Published April 19, 2011
Volume 19, Number 4

Dr. Susan DuPree, Humanitarian by Profession and Avocation  

Susan DuPree, Ph.D., right, traveled to Afghanistan last month
on a joint Rotary/ASSIST international mission. (Photo courtesy
of Dr. Susan DuPree.)

By Nicole Zaro Stahl

When clinical psychologist Susan DuPree, Ph.D., launched her practice in Pleasanton 20 years ago, it was the start of another career in the helping professions.

DuPree had previously spent two decades as a special educator for the blind and visually impaired, working her way up from a classroom teacher at the California School for the Blind to a program initiator for the Fremont Unified School System. The next step up the ladder, university teaching, was a prospect that did not appeal to her.

A chance meeting in Berkeley with the late Edith Schultz, a Harvard-trained educational psychologist pointed her in a new direction. “Edy and I hit it off as friends, and she also became my mentor,” DuPree comments. “She convinced me to go beyond my first masters in education and do a masters and Ph.D. in clinical psychology.”

This new avenue felt like a really good fit, and DuPree put her studies on a fast track. Writing her dissertation on an analysis of school-based psychotherapy programs for children of divorced and separated parents, she was able to finish her doctorate in three years. She then went to work with the California state evaluator of mental health programs as an assistant in his office in Pinole.

She opened her clinical psychology office in Pleasanton in 1990. Initially she focused on children, eventually expanding the age range to include adolescents and adults. “I've seen kids as young as three all the way up to adults in their seventies,” she notes. Her practice as a generalist has allowed her to be selective about her patient base. “I do not treat serious mental illness like schizophrenia, or alcohol or drug problems. There are many other good people specializing in those areas of expertise.”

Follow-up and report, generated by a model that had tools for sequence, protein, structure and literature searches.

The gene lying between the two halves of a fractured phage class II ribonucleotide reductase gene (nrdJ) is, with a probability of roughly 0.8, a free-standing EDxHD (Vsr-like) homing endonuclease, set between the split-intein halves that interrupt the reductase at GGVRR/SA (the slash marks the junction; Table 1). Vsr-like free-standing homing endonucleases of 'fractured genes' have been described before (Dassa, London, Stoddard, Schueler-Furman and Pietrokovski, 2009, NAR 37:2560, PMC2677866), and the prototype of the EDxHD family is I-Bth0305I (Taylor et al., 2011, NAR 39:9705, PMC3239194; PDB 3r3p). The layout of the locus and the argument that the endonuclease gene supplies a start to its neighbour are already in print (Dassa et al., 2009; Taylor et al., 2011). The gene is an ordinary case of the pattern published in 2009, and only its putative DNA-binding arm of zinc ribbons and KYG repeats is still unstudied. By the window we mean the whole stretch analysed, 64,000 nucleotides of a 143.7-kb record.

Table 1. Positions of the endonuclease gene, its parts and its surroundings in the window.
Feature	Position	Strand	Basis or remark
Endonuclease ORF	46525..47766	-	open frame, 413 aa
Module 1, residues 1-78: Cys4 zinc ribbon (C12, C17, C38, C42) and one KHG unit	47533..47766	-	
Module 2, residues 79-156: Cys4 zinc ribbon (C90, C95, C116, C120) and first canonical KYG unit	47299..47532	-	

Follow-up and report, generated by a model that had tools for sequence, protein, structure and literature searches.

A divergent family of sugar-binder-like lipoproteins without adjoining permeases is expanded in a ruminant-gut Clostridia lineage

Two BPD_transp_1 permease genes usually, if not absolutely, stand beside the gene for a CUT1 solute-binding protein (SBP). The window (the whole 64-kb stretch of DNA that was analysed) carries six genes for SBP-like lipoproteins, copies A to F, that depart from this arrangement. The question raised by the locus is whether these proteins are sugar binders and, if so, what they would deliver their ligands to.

Still, she sees people from all walks of life, with all kinds of issues--mood disorders, depression, panic, anxiety. Many need help adjusting to life events, current or past, such as the diagnosis or remission of a serious disease or divorce and custody battles. She also assists people with transitions--“changes that happen when men and women reach a certain age and want to move on but don’t know how.”

Over the years she has frequently encountered a recurring myth about her profession. “The public thinks that the job of psychologists and counselors is to fix them, or give them a pill,” she observes. “We are not here to fix patients but to guide them, using a combination of emotional maturity, compassion, experience, and training.”

Compassion, especially for those outside the mainstream, has been an integral part of DuPree’s life ever since she can remember. Three experiences in particular stirred her sense of altruism and left their imprint.  

“When I was a very small child growing up in Alexandria, Virginia, there was a young blind girl in our neighborhood who had no friends,” she recalls. “I felt very sad for her and empathized with her isolation. I wanted to befriend her before she went off to the state school. I wasn’t afraid of her blindness the way others were.”

A young polio victim in an iron lung struck the same chord. “I remember feeling deep helplessness,” she reveals. “I didn’t understand what an iron lung was. From that experience I learned that kids have differences. I appreciated and wanted to help them. My character was emerging.”

Inspiration number three was a babysitter’s hydrocephalic daughter. DuPree soon learned that the girl was “like everyone else,” even though her disfiguration was obvious. The injustice of the child’s inappropriate exclusion “really got to me,” she says.